First Impressions: Finding the Right Stock Art for Your Articles

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By Zebley Foster


When searching for imagery to accompany your articles, keep this old English adage in mind, “A picture is worth a thousand words.” It’s important to remember because the wrong photo will say a lot about your article before anyone starts to read it.


Images should complement your work, not distract from it.


There are hundreds of sites out there for choosing stock art and millions upon millions of images to choose from — making finding the right one that much harder.


Perhaps the best stock art isn’t a photo, but an art piece. Whichever you decide to go with, it should end up in your portfolio for potential future uses. It doesn’t need to be complicated.


When you’re looking for art for your articles, always consider the content and subject of the piece. Look for recurring themes, these will give you clues for what you should be searching for.


For feature-length pieces, keep the art relevant to the content of the piece. Consider the rule, “show, don’t tell,” when choosing the featured art.


Good featured art can grab a reader’s attention before a headline. If the image combined with the headline pique their curiosity it will pull them into the article. Unfortunately, the inverse is true as well. If the image isn’t very good quality or it doesn’t seem to have anything to do with the topic of the article, it will drive readers away.


Here are some great sites for finding stock art for your articles:

• Adobe Stock

• Getty Images 
• iStock 
• Shutterstock 
• Old Book Illustrations 
• Flickr Commons 
• Ikon 
• Pexels

Don’t be afraid to take risks. During my time at the Federal Bar Association, I managed The Federal Lawyer — a magazine for and by federal attorneys and judges. Regularly, the art for our articles would feature cliche legal images: scales, lady justice, generic courthouses, and the gavel.


After my first year, I worked with our design team at LTD to replace those generic legal stock images, with line and digital art. Not only did no one miss the old cliches, they loved the new art.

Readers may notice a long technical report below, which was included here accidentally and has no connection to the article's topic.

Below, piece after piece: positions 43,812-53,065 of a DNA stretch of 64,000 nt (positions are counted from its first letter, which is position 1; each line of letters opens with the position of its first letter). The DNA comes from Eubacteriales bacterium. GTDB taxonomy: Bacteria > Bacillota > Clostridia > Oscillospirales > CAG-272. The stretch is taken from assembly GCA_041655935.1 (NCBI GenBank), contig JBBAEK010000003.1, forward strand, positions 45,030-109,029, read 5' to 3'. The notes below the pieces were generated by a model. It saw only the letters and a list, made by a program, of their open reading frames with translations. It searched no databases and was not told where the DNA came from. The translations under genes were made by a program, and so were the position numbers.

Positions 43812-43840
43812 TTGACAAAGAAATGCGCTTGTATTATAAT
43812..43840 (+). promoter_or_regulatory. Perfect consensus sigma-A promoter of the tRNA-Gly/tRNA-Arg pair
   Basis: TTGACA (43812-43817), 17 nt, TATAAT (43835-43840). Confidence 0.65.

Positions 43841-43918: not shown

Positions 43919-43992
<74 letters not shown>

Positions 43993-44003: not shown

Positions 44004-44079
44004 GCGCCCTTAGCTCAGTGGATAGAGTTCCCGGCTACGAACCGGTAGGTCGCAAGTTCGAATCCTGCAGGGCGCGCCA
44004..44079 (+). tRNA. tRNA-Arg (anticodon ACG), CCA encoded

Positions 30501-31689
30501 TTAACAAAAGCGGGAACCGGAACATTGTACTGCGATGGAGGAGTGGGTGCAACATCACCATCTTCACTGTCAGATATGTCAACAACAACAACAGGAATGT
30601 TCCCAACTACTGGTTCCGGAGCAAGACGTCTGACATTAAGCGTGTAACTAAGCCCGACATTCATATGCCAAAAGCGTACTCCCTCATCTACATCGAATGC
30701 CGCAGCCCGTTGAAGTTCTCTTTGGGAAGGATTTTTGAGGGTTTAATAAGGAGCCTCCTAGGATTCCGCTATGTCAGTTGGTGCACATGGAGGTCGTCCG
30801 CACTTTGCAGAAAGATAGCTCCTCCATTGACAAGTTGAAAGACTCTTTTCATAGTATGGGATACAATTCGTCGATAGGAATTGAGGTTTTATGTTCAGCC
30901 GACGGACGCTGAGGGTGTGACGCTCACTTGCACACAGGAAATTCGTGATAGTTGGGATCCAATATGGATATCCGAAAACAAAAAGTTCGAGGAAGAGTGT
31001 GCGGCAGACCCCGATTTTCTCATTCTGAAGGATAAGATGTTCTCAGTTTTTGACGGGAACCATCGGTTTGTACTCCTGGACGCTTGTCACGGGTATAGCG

Building a portfolio of images is like building a house: You need to have a good foundation. In your portfolio, the foundation is images and artwork that are true to your brand. These images might feature people who work in the field you represent (i.e. your members) and the places where they practice.


Artwork should feature your brand standards, such as typography and color palette. Items like this are evergreen, and will be useful no matter the occasion.


Before you acquire images to add to your portfolio, you should refer back to your company’s brand standards. With each image ask yourself if it fits into your brand. This can stop you from spending the time and money getting images that might not get used.


It also helps to know what initiatives are happening within your association. Are you marketing for an upcoming conference? Select a couple of images that you can rotate through, to keep things fresh during your campaign.


Ultimately, the image portfolio is a summary of the work your association does. This is why choosing the right art to accompany your articles, marketing campaigns, and communications efforts is essential. Your association should be easily identifiable by the story your images tell.


Just don’t forget to take risks and surprise readers and members!

Zebley Foster is is managing editor of Health Education & Behavior and editorial and communications manager at the Society for Public Health Education. She can be reached at, on twitter at @ZebleySophe, or on LinkedIn.